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article imagePlans unveiled for badger cull in England

By Lynn Curwin     Sep 15, 2010 in Environment
The government has revealed plans for a badger cull in England, even though it has been shown that culls do not stop the spread of bovine tuberculosis.
Under the proposals the government put forward on 15 September, farmers in England would be able to get licences to cull badgers. They would be required to cull at least 150 square kilometres to ensure the animals are simply not fleeing the area to safety.
It has been ruled that gassing and snaring the badgers is inhumane but shooting them is allowed.
The cull has been suggested as a way to reduce TB in cattle
The Guardian quoted farming minister Jim Paice as saying: “There is no doubt that badgers are a significant reservoir for the disease and without taking action to control the disease in them, it will continue to spread. No country in the world has eradicated bovine TB without dealing with the reservoir in wildlife.”
Studies have found that a cull would not be effective.
A major study by the Imperial College London, published in February, looked at the disease in areas where there had been trial culls and found that they did not have a long-term effect.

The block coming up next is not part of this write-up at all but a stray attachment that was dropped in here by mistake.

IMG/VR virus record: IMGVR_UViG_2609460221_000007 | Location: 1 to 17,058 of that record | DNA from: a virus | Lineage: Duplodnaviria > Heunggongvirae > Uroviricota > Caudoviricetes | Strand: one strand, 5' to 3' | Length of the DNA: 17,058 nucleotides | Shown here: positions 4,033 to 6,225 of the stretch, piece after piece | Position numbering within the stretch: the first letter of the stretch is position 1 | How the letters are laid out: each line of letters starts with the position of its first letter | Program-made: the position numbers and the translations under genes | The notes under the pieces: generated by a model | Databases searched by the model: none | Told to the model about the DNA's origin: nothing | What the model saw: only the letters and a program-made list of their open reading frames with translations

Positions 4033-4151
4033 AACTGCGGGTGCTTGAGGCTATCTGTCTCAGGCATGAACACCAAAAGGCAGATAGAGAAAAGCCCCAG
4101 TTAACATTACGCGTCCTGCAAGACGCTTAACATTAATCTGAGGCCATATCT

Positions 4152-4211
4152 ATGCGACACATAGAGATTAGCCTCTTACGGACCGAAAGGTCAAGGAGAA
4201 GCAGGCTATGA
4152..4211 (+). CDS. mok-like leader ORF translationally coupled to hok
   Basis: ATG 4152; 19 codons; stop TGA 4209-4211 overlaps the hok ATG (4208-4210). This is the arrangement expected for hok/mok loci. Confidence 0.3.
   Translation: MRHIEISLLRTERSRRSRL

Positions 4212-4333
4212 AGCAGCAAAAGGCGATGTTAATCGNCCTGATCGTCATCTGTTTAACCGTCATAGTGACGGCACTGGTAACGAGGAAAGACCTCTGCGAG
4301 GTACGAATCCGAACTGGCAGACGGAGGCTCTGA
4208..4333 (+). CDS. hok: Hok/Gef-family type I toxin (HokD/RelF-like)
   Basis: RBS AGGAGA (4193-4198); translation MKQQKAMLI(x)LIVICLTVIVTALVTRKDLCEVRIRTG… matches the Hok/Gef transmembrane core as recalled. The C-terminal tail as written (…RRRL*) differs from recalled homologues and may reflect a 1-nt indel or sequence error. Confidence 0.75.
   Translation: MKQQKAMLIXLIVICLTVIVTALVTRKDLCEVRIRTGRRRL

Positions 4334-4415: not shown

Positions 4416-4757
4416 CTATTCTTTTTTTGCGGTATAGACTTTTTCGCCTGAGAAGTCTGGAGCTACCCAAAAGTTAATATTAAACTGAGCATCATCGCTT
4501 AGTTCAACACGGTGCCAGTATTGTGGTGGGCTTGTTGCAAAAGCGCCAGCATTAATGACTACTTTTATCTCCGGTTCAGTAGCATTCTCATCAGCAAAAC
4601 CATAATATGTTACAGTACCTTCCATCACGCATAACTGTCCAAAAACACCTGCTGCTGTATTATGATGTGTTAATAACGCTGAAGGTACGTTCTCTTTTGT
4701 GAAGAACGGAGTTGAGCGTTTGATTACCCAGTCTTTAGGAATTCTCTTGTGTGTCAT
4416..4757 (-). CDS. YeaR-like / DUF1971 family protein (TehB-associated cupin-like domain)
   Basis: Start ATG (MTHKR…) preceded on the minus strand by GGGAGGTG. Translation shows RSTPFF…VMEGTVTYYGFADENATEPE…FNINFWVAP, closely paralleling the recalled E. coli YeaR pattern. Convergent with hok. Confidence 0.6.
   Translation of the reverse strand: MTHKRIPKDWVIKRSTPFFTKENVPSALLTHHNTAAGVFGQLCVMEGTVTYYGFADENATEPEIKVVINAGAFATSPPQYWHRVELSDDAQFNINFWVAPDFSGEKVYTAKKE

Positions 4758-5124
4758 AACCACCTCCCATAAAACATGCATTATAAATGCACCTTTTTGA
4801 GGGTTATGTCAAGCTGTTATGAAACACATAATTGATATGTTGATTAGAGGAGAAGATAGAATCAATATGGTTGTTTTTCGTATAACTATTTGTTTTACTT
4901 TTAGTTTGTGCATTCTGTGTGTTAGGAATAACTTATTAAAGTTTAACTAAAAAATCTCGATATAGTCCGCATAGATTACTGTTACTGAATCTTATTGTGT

“Our new research also suggests that the savings that farmers and the government would make by reducing bTB infections in cattle are two or three times less than the cost of repeated badger culls as undertaken in the trial, so this is not a cost-effective contribution to preventing bTB infections in cattle," Professor Christl Donnelly, senior author of the study, said in a news release.
In 2009, about 25,000 cattle were affected by tuberculosis in England, but this is a decrease of seven per cent from the year before – and no cull took place.
The Badger Trust reported that the incidence of TB in cattle has dropped in Wales, without a cull taking place.
The organisation stated that bovine TB was reduced from 16,000 cases in 1961 to 628 in 1979, through efforts which did not include killing wildlife.
“No other industry could get away with killing huge numbers of wildlife for such transient benefits when so many other proven techniques are again yielding results, as now seems to be the case,” David Williams, chairman of the Badger Trust, said in a press release earlier this year. “We simply do not understand why the farming industry has been so obsessed with killing wildlife.”
The Labour government had been developing a vaccination programme for badgers in six areas, but in June the Conservative government reduced it to just one location.
The RSPCA said that is believes a vaccine for badgers, combined with increasing the level of cattle testing, improving biosecurity and imposing stricter controls on the movement of cattle are the ways most likely to provide sustainable effects in reducing bovine TB.
The organisation is asking people opposed to a cull to express their opinion by sending letters to their MPs and by signing their online petition.
A cull proposed for Wales earlier this year was halted.
Badgers live throughout much of the UK. Their diet includes earthworms, beetles, wasps, bees, mice and fruit.
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